PowerPointing Blues

Yeah, I confess: I'm a user. Even if I wholeheartedly agree with Edward R. Tufte's Manifest on it, and Visio are around 50% of my work output. I do, however, take great pains to squeeze in more content and semantics than your run-of-the-mill bullet pitcher, and believe the sweet spot for an effective (and informative) presentation is somewhere Visio and Flash.

But I digress. Anyone who delivers presentations on a regular basis soon finds himself (or herself) wanting a single gizmo for pointing and slide-flipping. Sure I can use my phone (and there is no lack of utilities for Bluetooth phones), but setting anything up on Windows is always fiddly, no matter what, and you don't want to wrestle your laptop to the podium.

So after spotting the PowerPlay Pro remote in a local shop (hideously overpriced, as is usual in Portugal), I got curious. after all, having a presentation controller that you can simply plug in and "just work" seemed a far better idea than fiddling around with mobile phones and Bluetooth. Besides, the 32MB flash disk is enough to carry around even the most graphics-intensive presentation - making it, all in all, a neat idea.

It's not one worth paying Eur.97 for, though, especially when pricing across the pond is half that or less.

So I decided to spend a couple of hours investigating the HID spec and figuring out what else was out there. It turns out that it's fairly trivial to piece together a HID device, and that the realization that you can do HID devices that are not full mice and/or keyboards has spawned a whole new category of devices that (for a change) require absolutely no software installation or configuration to help you flick to the next slide.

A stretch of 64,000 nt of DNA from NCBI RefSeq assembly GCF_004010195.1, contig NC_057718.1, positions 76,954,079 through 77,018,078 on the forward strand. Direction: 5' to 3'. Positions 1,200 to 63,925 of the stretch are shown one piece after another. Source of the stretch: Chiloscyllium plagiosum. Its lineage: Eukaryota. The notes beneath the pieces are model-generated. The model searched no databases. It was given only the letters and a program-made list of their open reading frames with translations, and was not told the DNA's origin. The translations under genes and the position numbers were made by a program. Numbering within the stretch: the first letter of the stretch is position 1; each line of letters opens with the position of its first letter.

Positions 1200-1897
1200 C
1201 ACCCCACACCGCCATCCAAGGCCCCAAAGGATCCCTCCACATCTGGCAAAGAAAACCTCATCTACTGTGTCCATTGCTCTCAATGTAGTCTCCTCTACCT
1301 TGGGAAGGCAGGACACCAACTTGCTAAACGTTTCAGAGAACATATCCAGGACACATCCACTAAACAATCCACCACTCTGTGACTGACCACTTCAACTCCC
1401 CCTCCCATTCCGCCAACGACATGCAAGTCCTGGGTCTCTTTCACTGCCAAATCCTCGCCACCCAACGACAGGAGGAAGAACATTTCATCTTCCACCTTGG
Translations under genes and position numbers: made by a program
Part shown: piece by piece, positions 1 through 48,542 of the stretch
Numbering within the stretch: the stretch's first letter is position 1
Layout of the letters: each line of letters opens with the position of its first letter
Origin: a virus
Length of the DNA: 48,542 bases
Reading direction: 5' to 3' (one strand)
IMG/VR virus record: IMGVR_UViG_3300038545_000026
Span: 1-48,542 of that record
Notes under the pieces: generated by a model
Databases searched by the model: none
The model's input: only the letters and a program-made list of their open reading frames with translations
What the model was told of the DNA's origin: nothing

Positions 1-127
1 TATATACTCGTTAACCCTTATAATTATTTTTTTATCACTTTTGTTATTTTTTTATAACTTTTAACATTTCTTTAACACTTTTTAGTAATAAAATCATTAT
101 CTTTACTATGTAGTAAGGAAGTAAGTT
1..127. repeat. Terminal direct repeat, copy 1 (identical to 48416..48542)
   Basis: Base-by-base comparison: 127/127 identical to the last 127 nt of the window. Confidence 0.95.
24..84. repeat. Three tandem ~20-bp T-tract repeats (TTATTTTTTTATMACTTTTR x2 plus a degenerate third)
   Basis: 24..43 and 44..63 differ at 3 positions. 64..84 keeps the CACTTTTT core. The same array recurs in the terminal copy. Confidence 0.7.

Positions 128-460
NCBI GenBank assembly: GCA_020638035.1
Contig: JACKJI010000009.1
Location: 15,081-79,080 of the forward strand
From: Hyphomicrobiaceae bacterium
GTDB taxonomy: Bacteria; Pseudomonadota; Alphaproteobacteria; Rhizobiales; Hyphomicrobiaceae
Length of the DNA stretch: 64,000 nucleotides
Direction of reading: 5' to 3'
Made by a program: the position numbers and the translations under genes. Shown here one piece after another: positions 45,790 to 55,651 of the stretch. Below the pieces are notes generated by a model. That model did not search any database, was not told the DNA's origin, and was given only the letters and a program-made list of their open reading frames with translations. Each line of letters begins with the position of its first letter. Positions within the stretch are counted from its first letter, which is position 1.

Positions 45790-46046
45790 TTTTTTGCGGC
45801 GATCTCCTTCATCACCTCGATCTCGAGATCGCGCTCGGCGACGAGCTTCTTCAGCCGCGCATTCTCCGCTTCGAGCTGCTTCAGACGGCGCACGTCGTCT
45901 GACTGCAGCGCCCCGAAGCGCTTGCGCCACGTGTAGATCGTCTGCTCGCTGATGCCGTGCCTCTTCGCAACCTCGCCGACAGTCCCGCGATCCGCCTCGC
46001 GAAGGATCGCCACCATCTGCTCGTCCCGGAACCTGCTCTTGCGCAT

Better still, I soon got sidetracked into investigating the Bluetooth HID profile and found out that someone with an actual working brain is driving the Bluetooth feature sets at SonyEricsson and that the and the (which are, after all, mostly the same phone) actually support the HID profile, making it possible to control your or Windows machine over Bluetooth with zero extra software. Sadly, neither of the phones incorporates a laser pointer - or a "lightsaber", our nickname for the new trendy green laser pointers. Oh well.

Apparently you just upload a XML file to the phone to map phone keys to HID events, and presto - instant controller, acting as a Bluetooth keyboard/mouse as far as your laptop is concerned.

Maybe, just maybe, tech is becoming simpler after all.

Then again, the samples I tested weren't recognized by as HID devices, so there's something to be done here still - don't throw away yet.

Update: does recognize the phones as a HID device, but I can't configure the key mappings (yet). Looks like it's who has to get their act together on this...

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